Brendan said...

I agree that there is a need for low cost track, however it is always a challenge to entice organizations (specifically cities and states) to purchase a new form of infrastructure. These cities know how to lay concrete, asphalt, and rail. They don't understand PRT guideway in the least bit...and no city wants to waste time and money on an unproven technology. I believe that there needs to be a transition for cities and towns, something that doesn't require a huge infrastructure upgrade. I guess we could relate it to the introduction of the automobile. If we take ourselves back to the horse and buggy...these vehicles created paths that eventually became roads. It took many years for dirt paths to turn into a paved road and many more to create the network of roads we have today. I can begin to see why PRT companies are going after a dual-use strategy (i.e. road use AND dedicated guideway). It also makes sense why PRT companies are focusing on markets like airports and universities.
Another way to look at this is to see how the railroad evolved. Think about how long it took to get the world to agree on the standard gauge railroad! Hundreds of miles of non-standard track were removed and replaced with standard gauge.

It will be a challenge to agree upon a standard. The transition phase for any PRT company is important and a significant strategic step.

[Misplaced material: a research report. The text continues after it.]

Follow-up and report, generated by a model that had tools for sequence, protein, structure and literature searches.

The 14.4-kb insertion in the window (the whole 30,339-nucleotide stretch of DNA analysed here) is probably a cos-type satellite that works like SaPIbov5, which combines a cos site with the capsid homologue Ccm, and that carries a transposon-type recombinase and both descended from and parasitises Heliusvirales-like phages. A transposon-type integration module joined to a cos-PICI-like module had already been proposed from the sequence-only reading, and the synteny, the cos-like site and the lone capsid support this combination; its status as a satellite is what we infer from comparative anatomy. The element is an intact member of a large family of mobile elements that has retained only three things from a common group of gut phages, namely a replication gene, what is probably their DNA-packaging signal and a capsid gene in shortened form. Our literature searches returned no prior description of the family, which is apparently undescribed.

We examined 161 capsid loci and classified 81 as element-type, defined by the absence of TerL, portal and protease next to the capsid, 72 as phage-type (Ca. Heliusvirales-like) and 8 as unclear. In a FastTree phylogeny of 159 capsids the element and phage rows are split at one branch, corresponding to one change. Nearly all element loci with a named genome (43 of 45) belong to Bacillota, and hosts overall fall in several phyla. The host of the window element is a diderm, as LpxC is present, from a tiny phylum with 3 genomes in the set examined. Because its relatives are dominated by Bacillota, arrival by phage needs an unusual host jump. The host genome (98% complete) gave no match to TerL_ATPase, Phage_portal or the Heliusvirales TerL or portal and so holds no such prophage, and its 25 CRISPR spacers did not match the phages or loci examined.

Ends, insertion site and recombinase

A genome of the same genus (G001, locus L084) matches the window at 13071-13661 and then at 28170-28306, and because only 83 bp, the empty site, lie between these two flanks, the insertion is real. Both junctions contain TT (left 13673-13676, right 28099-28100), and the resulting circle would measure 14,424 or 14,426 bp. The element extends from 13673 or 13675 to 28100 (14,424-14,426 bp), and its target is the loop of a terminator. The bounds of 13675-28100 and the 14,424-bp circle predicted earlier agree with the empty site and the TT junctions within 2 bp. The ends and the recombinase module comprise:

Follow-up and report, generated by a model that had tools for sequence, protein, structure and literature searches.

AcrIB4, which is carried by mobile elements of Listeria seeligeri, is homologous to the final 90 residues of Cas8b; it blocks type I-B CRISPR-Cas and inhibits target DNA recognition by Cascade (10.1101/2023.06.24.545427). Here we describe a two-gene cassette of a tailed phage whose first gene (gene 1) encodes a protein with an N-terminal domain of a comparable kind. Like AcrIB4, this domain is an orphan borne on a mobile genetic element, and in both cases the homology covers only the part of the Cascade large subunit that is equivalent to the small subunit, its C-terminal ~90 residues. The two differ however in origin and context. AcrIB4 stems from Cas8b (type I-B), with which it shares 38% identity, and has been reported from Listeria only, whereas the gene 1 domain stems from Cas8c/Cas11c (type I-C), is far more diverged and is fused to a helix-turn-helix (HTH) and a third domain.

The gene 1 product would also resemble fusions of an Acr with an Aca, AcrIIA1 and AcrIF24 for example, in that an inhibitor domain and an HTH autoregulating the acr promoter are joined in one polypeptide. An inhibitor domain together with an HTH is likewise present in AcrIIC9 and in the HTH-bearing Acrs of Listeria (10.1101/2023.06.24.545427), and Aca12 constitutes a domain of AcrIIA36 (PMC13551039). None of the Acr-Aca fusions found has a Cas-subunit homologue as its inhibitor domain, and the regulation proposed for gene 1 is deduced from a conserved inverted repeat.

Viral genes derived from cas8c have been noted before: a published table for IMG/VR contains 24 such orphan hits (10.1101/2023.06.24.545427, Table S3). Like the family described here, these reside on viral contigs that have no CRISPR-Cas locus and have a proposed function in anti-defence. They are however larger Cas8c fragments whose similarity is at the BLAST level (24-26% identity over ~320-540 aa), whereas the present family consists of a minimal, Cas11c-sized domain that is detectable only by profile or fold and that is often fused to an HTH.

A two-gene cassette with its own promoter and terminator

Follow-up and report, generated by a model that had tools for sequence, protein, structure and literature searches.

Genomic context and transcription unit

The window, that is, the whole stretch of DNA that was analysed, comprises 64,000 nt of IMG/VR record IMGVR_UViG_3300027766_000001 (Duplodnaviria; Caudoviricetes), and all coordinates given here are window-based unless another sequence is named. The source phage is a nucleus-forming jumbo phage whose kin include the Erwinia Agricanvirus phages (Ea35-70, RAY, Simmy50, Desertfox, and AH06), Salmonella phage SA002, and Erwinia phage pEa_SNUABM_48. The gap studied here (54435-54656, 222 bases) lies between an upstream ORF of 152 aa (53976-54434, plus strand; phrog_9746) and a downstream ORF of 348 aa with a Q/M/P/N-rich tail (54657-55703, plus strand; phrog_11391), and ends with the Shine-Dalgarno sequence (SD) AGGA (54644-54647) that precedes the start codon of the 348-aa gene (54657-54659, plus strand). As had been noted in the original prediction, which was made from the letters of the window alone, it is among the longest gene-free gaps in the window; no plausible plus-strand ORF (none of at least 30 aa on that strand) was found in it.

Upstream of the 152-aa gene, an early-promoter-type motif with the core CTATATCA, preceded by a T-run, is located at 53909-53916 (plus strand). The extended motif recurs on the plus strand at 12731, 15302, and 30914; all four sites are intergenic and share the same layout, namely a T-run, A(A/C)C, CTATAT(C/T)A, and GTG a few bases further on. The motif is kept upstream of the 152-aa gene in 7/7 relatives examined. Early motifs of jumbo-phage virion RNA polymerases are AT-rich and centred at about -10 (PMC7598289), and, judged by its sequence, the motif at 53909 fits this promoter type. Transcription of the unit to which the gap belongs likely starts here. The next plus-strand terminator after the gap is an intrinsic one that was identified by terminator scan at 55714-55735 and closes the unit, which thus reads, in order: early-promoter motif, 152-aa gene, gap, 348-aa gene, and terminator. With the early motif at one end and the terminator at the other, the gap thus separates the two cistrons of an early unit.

Dan said...

Dan the blogger Responds-

Welcome aboard new poster Brendan. You are right of course. You describe the normal, historical paradigm well. In a world where people form corporations to try to sell proprietary transportation systems things will unfold as you describe. Which is precisely why this blog exists. I do not consider it inevitable that many track specs will exist, so long as we vet the designs completely and impartially, and the designers of potential systems have access to our work. I do not believe that change has to be slow and evolutionary, as long as city planners know they have an army of volunteers who are committed to fixing any problem.
Yeah, we’re a very long way from an army, but a march if a thousand miles begins with a single step. Who would have thought volunteers would write an encyclopedia for free, (Wikipedia) or an alternative to Windows? (Linux)
It occurred to me that perhaps you had skimmed over the part of “About This Blog” that dealt with these open-source aspirations, so I decided that reiterate them in my latest posting, because it’s pretty easy to miss it, what with all of the new posts and all.

cmfseattle said...

1- (60-) the way to divert road funds to PRT is to make PRT the more-attractive choice. my initial inclination is to charge for PRT based on energy consumed (perhaps with congestion/time-of-day discounts): very similar to the familiar gas tax, yet rewards efficiency.

btw, just now seeing your first few posts. wish everyone got PRT.